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Archive for the ‘Condoleezza Rice’ Category

US-India Nuclear Deal Derailed and Threatening India’s UPA Government?

Posted by K.E. White on September 25, 2007

The Asia Times Online reports on the imperiled nuclear deal, and how it might just take down Prime Minister Manmohan Singh:

A speeded-up negotiation process with the IAEA and the NSG is likely to muddy the waters of the UPA-left talks and might lead to their collapse. The Communist Party of India recently warned that if the government held talks with the IAEA on a safeguards agreement at its general conference in Vienna, the CPI would regard it as a “breach of trust”.

Indian Atomic Energy Commission chairman Anil Kakodkar did address the IAEA meeting last week, but refrained from making a specific mention of the US-India nuclear deal during his speech. However, he held informal consultations with IAEA director general Mohamed ElBaradei and nuclear officials from different countries.

It is uncertain, however, if the deal will sail smoothly through the IAEA, and especially the NSG.

Although the IAEA bureaucracy, and ElBaradei in particular, is sympathetic to the deal, the agency’s board of governors may not be unanimous in conceding India’s demand for a special safeguards protocol, which limits inspections on Indian facilities to the period during which they receive imported supplies. Typically, the IAEA demands safeguards in perpetuity.

Reuters reports on an October deadline for Singh’s government to approve the deal, lest new elections are to be called:

India’s government and its communist allies are eyeing ways out of their face-off over a nuclear pact with the United States, but failure to grasp these straws will spark a fresh crisis next month, officials said.

Prime Minister Manmohan Singh’s coalition faces an informal end-October deadline to start working on the next steps needed to clinch the deal, and if the row with left parties opposed to it is not resolved by then early polls may be called, they said.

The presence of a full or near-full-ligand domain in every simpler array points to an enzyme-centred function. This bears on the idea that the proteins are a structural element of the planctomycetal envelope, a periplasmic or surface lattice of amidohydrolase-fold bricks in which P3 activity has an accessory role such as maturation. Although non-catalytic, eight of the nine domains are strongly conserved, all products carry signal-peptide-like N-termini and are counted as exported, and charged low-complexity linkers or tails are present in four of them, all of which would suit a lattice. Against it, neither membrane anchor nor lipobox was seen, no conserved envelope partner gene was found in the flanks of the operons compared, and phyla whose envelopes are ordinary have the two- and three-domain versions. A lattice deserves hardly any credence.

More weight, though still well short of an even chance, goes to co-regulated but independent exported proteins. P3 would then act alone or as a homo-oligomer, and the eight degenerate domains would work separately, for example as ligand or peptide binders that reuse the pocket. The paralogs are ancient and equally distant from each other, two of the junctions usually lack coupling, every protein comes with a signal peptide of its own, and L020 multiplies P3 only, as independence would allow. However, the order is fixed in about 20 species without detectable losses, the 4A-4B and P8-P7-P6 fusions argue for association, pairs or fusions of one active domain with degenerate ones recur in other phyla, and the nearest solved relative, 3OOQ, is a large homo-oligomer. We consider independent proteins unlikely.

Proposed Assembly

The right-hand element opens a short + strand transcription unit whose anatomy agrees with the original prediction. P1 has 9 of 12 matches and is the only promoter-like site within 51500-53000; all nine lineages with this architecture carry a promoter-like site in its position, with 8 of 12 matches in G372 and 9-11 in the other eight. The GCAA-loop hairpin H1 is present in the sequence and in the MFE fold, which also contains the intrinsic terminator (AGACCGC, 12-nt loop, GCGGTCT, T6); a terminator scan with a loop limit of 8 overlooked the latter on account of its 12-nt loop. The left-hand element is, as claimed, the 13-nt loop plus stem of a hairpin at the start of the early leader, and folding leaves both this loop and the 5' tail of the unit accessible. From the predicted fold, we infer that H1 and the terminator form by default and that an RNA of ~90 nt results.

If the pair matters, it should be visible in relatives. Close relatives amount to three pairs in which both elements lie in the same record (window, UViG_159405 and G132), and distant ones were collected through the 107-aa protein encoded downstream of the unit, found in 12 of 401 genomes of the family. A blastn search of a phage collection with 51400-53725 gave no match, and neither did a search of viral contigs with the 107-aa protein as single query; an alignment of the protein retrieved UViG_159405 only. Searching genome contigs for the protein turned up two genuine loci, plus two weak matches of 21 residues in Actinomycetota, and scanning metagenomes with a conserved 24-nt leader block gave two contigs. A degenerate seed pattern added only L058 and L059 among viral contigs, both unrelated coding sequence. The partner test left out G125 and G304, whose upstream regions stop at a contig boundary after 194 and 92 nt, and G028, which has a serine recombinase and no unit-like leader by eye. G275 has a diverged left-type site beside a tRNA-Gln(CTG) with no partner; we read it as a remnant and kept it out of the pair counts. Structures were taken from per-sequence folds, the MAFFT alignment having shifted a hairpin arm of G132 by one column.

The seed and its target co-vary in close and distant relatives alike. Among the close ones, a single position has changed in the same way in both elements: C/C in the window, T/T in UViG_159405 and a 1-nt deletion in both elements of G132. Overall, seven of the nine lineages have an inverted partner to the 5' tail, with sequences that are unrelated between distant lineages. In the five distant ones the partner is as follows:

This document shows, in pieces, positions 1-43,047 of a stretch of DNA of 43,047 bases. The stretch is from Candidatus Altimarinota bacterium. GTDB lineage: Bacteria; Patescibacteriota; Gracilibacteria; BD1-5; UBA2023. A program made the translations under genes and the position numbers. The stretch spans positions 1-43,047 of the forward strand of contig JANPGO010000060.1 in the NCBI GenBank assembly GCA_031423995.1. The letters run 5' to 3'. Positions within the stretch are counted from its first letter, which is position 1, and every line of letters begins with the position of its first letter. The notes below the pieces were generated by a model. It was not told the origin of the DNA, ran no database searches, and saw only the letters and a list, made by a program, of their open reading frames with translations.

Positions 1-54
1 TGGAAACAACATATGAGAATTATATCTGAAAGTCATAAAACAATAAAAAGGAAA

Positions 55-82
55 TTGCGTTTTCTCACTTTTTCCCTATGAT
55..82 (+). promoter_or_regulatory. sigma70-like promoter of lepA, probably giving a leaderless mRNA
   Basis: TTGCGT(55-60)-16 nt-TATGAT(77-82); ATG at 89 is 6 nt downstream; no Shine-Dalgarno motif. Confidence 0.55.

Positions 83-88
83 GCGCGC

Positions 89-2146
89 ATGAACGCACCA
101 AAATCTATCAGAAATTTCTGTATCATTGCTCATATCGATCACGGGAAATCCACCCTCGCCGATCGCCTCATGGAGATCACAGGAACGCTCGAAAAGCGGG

Singh does not need to have the Indian parliament approve the deal, but he risks forcing elections if he does not get his Communist allies on board with the deal. Will Singh get an agreement from the left, or will he risk snap elections which could not only shoot down the deal but take him out of a job?

And just in case you were wondering, the US-India nuclear deal is a top priority of the fading Bush administration. From Condoleezza Rice’s interview with Reuters:

“I am not worried about my legacy. With 14 months to go, I’m worrying about what we’ve yet achieved on the Palestinian-Israeli track, the North Korean nuclear issue, the India civil-nuclear deal and trade agreements. We have got a big agenda,” Rice told Reuters Editorial Board in an interview, text of which was released by the State Department.

Let’s have a little score-card:

Israel-Palestine peace process = fat chance

North Korea Nuclear Crisis = contained after years of botched policy, but also greatly intractable

Trade Agreements = Democrats run Congress

US-India Nuclear Deal = no means a sure bet

But it is nice to here that Iraq isn’t dominating Rice’s agenda; there are other issues that could use a year of smart policy.

Posted in Condoleezza Rice, IAEA, India Nuclear Deal, Monmohan Singh, NSG, Nuclear | Tagged: , , , , , | Leave a Comment »

Rice Criticizes IAEA Iranian Plan: “The IAEA is not in the business of diplomacy.”

Posted by K.E. White on September 19, 2007

Guess not everyone guess with the NYTimes that the ElBaradei is an “indispensable” figure. Today Secretary of State Condoleezza Rice took aim at the IAEA–and indirectly its chief Mohamed ElBaradei. From Reuters:

“The diplomatic track can work but it has to work both with a set of incentives and a set of teeth,” she said.

The United States has criticized a deal International Atomic Energy Agency (IAEA) chief Mohamed ElBaradei has made with Iran to answer long-standing questions about its nuclear activities.

Washington and its European allies argue the IAEA moves divert attention from U.N. Security Council demands that Iran suspend uranium enrichment and grant broader inspections.

Rice, who in June accused ElBaradei of “muddying the message” to Iran, voiced strong irritation with the IAEA chief, without naming him.